To understand learners’ appropriation of technological tools and geometrical understanding, we draw on the theory of instrumental genesis (Lonchamp, 2012; Rabardel & Beguin, 2005), which seeks to explain how learners accomplish tasks interacting with tools. To appropriate a tool, learners develop their own knowledge of how to use it, which turns the tool into an instrument that mediates an activity between learners and a task. The tool used in our study is the Virtual Math Teams with GeoGebra (VMTwG) environment. It contains a chat panel and multiuser version of GeoGebra. The learners are seven middle and high school mathematics teachers who participated in a professional development course in which they collaborated synchronously in VMTwG to solve geometrical tasks. We use conventional content analysis to analyze the work of a team consisting of two high school teachers. Our analysis shows that the teachers’ appropriation and application of the dragging feature of VMTwG shaped their understanding of geometrical relations, particularly dependencies. This informs the broader question of how and what mathematical knowledge learners’ construct using certain technologies.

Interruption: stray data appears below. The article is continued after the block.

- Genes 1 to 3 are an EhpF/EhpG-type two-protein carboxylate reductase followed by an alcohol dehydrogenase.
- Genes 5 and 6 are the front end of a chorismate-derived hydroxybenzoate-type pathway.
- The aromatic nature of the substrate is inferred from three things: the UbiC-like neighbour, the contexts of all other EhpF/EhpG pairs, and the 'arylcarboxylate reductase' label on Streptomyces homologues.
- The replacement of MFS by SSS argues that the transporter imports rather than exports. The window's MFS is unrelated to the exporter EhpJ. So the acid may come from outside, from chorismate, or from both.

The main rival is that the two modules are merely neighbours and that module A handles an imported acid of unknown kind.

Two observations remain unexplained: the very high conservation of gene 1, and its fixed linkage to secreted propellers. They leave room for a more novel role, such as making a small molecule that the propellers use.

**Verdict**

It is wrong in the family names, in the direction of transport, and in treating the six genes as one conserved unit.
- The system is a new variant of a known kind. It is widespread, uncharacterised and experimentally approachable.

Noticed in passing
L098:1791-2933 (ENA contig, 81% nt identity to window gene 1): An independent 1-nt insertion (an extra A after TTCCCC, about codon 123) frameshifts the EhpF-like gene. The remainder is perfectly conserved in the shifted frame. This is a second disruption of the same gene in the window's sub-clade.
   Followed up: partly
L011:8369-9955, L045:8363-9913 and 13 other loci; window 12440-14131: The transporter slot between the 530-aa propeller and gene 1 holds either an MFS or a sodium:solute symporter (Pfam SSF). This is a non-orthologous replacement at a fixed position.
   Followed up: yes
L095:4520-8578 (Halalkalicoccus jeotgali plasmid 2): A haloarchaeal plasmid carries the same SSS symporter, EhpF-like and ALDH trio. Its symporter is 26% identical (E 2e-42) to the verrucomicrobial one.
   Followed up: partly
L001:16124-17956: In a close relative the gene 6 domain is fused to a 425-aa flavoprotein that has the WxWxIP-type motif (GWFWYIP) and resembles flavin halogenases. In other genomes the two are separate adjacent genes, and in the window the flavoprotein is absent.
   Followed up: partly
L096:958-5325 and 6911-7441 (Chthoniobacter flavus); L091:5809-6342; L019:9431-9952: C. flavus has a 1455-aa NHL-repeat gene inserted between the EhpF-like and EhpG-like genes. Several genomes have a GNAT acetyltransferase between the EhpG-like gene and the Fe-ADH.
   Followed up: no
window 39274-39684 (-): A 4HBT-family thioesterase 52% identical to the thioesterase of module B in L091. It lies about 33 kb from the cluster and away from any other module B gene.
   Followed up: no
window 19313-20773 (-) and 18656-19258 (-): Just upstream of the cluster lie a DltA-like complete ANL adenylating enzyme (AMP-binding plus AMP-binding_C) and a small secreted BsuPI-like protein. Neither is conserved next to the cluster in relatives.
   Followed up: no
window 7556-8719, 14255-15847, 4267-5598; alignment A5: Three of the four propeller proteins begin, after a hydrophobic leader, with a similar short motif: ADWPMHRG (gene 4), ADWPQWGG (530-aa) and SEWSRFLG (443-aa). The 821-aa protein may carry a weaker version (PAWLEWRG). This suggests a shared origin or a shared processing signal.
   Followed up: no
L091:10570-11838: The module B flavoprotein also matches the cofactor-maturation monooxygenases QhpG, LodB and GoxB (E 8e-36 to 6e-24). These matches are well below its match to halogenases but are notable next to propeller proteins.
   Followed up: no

Alqahtani, M.M. & Powell, A.B. (2016). Instrumental appropriation of a collaborative, dynamic-geometry environment and geometrical understanding. International Journal of Education in Mathematics, Science and Technology, 4(2), 72-83. DOI:10.18404/ijemst.38054